How Roth Conversions Are Reported to the IRS
with No Comments

The Internal Revenue Service (IRS) is notorious for misunderstanding the recharacterizations of Roth conversions.

What Counts as Wages for the Social Security Earnings Test?
with No Comments

Contrary to the normal way of things, this time what Uncle Sam gives with the IRS, he takes away with the SSA.

What Counts as “Boot” in a 1031 Exchange?
with No Comments

1031 exchanges can include “boot,” which is an unofficial term for other property received in the exchange.

Radio Interview: Wills, Estates, and Beneficiaries
with No Comments

David and host Rob Schilling discuss what estate planning is, why you want to do it, and explain some of the jargon.

Mailbag: Unexpected Income and Estimated Taxes
with No Comments

How do you handle unexpected income that happens late in the year?

After-Tax IRA Contributions Must Be Reported On IRS Form 8606
with No Comments

The backdoor Roth strategy involves contributing after-tax funds to a traditional IRA.

What is the Kiddie Tax?
with No Comments

The kiddie tax was first added to the tax code in 1986 for children under age 14. Now, it can burden them until they are 23.

Trust Protections from Creditors and Spendthrift Beneficiaries
with No Comments

The beauty of trusts is that they are very flexible, and an estate lawyer can help you craft a document that will follow your wishes and give you peace of mind.

Mailbag: Where Does Cost Basis Go in a Partial 1031 Exchange?
with No Comments

In a 1031 exchange, the cost basis of the property you give up is rolled into the new property you receive.

When Are Taxes Due On A Roth Conversion?
with No Comments

Any tax which is ultimately going to be owed is owed by April 15th. Otherwise it may be subject to interest and penalties.

Mailbag: When Can I Move Into a 1031 Property?
with No Comments

Because 1031 exchanges are a great way to defer paying large amounts of capital gains tax, the IRS tends to be suspicious of them.

Jeb Bush’s Tax Plan
with No Comments

Bush’s tax plan is in good company with Trump, Rubio, and Lee. It hits many common Republican talking points but doesn’t seem to take its own reasoning very seriously.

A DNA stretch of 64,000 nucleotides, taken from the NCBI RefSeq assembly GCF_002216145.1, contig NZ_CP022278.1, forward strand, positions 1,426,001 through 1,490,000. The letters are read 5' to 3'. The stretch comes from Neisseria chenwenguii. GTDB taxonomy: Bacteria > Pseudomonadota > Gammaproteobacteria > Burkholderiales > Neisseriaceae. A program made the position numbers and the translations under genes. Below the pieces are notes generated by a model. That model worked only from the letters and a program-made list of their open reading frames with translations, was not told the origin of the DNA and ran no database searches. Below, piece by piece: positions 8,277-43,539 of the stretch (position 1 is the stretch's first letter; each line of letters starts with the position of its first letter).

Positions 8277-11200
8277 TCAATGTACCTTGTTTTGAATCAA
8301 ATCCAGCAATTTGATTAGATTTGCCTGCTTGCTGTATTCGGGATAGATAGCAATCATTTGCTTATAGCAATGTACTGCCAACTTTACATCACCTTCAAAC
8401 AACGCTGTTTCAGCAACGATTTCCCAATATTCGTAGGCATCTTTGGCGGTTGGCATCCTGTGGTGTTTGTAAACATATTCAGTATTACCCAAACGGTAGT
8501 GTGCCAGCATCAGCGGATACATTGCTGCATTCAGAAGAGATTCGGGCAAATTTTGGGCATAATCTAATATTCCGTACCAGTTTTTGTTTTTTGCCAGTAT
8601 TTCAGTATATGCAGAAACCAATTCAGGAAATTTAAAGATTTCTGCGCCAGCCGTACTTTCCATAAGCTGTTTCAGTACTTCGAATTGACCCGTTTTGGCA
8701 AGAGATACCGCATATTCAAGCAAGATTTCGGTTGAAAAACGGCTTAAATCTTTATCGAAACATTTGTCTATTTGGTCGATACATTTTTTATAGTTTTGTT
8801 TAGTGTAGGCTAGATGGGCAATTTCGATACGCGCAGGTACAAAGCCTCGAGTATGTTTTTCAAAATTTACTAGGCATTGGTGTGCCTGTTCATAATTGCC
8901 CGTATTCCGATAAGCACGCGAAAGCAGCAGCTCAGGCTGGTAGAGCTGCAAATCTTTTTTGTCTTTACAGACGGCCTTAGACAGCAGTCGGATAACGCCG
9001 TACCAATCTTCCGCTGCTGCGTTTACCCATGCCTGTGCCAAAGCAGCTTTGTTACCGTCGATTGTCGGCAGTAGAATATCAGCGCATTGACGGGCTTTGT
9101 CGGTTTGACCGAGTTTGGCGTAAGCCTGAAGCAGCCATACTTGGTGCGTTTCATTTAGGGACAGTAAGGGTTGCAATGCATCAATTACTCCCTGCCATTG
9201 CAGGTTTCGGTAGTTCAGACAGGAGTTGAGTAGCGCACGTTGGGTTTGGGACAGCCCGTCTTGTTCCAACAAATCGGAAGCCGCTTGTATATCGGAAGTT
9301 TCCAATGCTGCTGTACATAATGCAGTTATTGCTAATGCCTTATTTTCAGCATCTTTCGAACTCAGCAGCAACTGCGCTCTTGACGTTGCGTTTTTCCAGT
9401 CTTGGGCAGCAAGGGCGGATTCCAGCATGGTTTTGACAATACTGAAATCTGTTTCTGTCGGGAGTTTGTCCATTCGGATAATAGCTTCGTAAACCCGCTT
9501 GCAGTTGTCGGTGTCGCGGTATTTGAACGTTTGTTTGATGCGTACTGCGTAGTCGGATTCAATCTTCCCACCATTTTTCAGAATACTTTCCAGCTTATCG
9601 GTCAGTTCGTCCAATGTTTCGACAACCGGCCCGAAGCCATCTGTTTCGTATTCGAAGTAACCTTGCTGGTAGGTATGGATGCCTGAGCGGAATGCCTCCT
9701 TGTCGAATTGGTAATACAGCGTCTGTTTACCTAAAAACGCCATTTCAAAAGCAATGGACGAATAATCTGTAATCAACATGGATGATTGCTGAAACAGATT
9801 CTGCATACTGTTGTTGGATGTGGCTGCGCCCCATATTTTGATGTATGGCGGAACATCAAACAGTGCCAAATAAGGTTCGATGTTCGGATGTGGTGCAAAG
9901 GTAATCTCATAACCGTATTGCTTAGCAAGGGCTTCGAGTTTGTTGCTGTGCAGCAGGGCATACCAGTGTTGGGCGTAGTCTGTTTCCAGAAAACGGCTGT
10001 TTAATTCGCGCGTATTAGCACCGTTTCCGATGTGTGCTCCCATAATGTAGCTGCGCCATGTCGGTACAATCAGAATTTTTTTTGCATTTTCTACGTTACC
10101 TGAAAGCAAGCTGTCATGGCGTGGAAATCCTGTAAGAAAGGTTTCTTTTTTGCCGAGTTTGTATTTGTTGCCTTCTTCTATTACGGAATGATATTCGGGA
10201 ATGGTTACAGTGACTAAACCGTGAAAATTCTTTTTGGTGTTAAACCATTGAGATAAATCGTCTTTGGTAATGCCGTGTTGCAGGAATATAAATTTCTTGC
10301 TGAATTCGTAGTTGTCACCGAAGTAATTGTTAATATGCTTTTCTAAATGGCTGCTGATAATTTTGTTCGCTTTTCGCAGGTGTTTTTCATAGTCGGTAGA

Can I Contribute To A Roth IRA If I Don’t Have A Job?
with No Comments

You can only contribute to your Roth IRA if you have what the IRS calls “earned” income. This makes it all the more important to contribute to your Roth IRA every year you can.

Donald Trump’s Tax Plan
with No Comments

Tax season under Trump’s plan would likely be just as complicated but slightly less painful.

How Much Can I Contribute To A Roth IRA If I Earn Too Much?
with No Comments

I’m on the borderline for being able to contribute to a Roth IRA. How do I determine how much I can contribute?

How To Correct Excess Roth IRA Contributions
with No Comments

Regardless of the reason, if you have put too much money in your Roth IRA, the solution is the same.

Can I Contribute To My Wife’s Roth IRA?
with No Comments

I have earned income but my wife does not. Can I contribute to my wife’s Roth IRA?

Mailbag: Marco Rubio and Mike Lee’s Tax Plan
with No Comments

Is each dollar value the average for that category or is it really the average for a family with $88,871 in annual income?

How Much Can I Contribute To My SEP IRA?
with No Comments

The calculations for this are a little strange. Here is the formula and two examples of how it works to help you.

How Can I Contribute to Two Roths?
with No Comments

The terminology is a little confusing, but you are allowed to have and contribute to both individual retirement accounts and employment-related retirement accounts.

Rand Paul’s Tax Plan
with No Comments

2016 Presidential hopeful Rand Paul has released a sketch of an intriguing tax plan.

What Should I Do With a 401(k) From a Previous Employer?
with No Comments

You have 3 basic options, but whichever option you choose, do not lose track of the accounts you own.

Can I Fund My Roth With Book Publishing Royalties?
with No Comments

Roth IRAs can only be funded with earned income and therein lies the confusion.

A Guide to Your W-4
with No Comments

All new employees have to fill out form W-4, but despite its ubiquity, most people don’t understand it.

Can I Contribute to a Roth IRA?
with No Comments

How do you know if you can contribute to a Roth IRA? See this flowchart for answers.